The U.S. stock market has been in a choppy sideways pattern ever since late January. Concerns over rising interest rates, political risks, and potential trade wars have competed with the investor bullishness from tax cuts and a strong economy to create mixed market conditions.
Represented by the SPDR S&P 500 ETF in the chart below, we can see that the S&P 500 (and the C Fund that tracks it) has so far remained above a key metric – its 200-day moving average (blue line):
While long-term investors focus more heavily on fundamentals (like earnings, balance sheets, valuations, and so forth), most stock trades these days are done by computer algorithms and short-term human traders. Many algorithms are programmed around technical trends, with the 200-day moving average being a particularly well-known one.
The 200-day moving average can be considered a line of mild resistance. It’s an important psychological level for both human traders and computer algorithms, and so as prices get close to it, there is some upward buying pressure. Especially for such a well-followed index like the S&P 500.
And so far, that line has held.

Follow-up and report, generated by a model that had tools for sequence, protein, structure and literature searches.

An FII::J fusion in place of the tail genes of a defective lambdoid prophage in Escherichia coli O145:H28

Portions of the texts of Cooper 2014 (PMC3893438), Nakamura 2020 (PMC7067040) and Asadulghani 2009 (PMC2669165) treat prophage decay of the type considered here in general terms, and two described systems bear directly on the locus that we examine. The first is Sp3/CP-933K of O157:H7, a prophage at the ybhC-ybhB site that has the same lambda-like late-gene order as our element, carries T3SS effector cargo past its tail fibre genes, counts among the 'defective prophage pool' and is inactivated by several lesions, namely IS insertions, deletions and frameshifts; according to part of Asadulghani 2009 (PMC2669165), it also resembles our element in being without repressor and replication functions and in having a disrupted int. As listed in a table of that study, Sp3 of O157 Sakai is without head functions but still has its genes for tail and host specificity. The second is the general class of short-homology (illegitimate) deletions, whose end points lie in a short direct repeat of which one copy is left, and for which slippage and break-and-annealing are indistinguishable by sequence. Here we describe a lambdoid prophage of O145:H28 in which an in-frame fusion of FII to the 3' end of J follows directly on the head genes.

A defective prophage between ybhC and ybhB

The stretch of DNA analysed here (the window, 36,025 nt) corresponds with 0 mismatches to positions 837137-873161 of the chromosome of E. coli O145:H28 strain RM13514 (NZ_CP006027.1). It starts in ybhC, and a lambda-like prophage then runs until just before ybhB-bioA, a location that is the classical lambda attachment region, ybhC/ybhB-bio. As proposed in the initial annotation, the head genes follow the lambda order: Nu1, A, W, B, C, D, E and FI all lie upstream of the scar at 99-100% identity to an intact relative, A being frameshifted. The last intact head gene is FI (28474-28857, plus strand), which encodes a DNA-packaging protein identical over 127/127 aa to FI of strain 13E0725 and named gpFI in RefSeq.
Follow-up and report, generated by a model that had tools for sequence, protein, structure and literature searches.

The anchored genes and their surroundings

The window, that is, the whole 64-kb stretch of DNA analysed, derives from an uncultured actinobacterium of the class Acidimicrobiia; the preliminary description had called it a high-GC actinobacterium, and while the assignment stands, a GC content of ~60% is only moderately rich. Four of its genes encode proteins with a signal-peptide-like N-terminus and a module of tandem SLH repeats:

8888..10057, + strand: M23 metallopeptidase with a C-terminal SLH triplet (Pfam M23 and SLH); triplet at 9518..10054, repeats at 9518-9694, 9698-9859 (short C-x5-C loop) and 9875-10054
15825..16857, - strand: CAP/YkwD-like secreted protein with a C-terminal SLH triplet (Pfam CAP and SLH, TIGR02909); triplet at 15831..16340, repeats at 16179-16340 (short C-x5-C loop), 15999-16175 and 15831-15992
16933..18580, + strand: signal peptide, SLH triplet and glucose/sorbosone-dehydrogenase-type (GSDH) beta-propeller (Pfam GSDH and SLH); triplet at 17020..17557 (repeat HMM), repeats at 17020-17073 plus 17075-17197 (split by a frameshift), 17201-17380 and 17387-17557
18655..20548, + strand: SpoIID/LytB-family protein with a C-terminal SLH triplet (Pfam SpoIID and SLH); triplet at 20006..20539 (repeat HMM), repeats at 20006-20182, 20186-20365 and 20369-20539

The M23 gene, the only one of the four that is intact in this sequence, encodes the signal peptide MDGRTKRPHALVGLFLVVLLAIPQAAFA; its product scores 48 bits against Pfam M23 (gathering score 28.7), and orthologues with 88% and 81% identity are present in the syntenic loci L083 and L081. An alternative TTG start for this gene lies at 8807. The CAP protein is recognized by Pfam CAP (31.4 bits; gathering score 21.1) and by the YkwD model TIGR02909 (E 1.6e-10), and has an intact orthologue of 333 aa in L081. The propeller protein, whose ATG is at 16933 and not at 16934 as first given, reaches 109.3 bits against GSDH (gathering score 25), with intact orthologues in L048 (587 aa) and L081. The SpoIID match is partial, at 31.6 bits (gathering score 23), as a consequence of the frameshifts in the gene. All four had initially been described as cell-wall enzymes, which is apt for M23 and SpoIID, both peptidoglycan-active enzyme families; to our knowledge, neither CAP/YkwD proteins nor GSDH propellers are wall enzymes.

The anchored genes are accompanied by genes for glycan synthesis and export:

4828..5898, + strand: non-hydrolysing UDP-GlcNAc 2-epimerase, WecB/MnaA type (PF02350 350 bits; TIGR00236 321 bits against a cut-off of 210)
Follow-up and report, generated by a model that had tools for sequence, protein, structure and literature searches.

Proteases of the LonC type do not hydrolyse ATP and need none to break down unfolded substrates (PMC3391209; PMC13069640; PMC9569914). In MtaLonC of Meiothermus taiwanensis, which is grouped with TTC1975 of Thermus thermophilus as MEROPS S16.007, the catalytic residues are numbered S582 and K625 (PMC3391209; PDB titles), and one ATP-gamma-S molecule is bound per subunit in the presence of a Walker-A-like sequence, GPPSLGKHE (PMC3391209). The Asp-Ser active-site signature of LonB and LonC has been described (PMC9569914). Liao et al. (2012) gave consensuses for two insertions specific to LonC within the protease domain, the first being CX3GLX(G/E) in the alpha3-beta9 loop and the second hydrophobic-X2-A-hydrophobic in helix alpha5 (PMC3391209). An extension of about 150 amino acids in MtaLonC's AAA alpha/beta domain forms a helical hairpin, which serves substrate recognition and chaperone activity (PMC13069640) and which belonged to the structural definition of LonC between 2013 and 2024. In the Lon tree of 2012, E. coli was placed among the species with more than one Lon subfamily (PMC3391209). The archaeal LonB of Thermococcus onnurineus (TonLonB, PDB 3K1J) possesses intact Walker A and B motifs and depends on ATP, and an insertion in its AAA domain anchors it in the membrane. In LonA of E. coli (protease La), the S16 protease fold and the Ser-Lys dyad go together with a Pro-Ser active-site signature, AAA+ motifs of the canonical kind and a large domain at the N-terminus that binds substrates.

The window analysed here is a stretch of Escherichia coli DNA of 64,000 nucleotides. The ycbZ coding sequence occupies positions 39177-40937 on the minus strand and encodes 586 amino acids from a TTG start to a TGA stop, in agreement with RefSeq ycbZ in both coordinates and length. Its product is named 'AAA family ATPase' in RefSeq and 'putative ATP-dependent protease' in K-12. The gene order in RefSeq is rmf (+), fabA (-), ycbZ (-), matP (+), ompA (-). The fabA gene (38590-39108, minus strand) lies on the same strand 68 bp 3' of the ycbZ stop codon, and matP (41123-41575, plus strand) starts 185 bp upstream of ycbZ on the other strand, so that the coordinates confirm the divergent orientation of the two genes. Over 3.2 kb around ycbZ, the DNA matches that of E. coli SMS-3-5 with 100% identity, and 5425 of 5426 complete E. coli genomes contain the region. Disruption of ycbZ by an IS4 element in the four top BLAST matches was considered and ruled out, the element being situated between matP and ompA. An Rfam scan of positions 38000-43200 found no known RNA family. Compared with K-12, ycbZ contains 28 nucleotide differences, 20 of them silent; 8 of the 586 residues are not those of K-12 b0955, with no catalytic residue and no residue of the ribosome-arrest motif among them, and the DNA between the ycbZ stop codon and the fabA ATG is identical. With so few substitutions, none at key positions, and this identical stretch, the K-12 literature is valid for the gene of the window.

Earnings Season is Underway
Now that we’re in mid-April, companies are beginning to report earnings for the first three months of the year.
The consensus analyst estimate is that total S&P 500 earnings for this quarter will be 17% higher than they were for 2017. This is partly from growth, but corporate tax cuts and share buybacks are playing a leading role in this bottom-line growth. JP Morgan is more bullish, and expects earnings will be closer to 21% higher than last year’s numbers. Big banks in particular are expected to report earnings well over 20% higher than a year ago, due to both rising interest rates and tax cuts.
But as JP Morgan, Wells Fargo, and Citigroup all reported first quarter results late last week that beat analyst estimates, their stock prices declined. Citigroup’s stock price declined over 1.5% on Friday after earnings were announced, while JP Morgan declined over 2.5% and Wells Fargo declined nearly 3.5%.
That same day, PNC Financial Services, another huge bank, reported results roughly in line with estimates and its stock declined over 4%. Its effective tax rate was 17%, down from 24% last year.
This shows that investors are placing high expectations on this quarter’s earnings season. During this environment of high market valuations, investors are expecting earnings beats and major revenue and earnings gains to justify historically high stock prices.
The current price-to-earnings ratio for the S&P 500 is about 24x, which is above average. The financial sector is a bit cheaper, at 20-21x earnings on average, but this is still quite pricey.
Over the next couple weeks, more companies will report their earnings, which could result in substantial up-or-down swings for their stock prices like we’ve seen so far.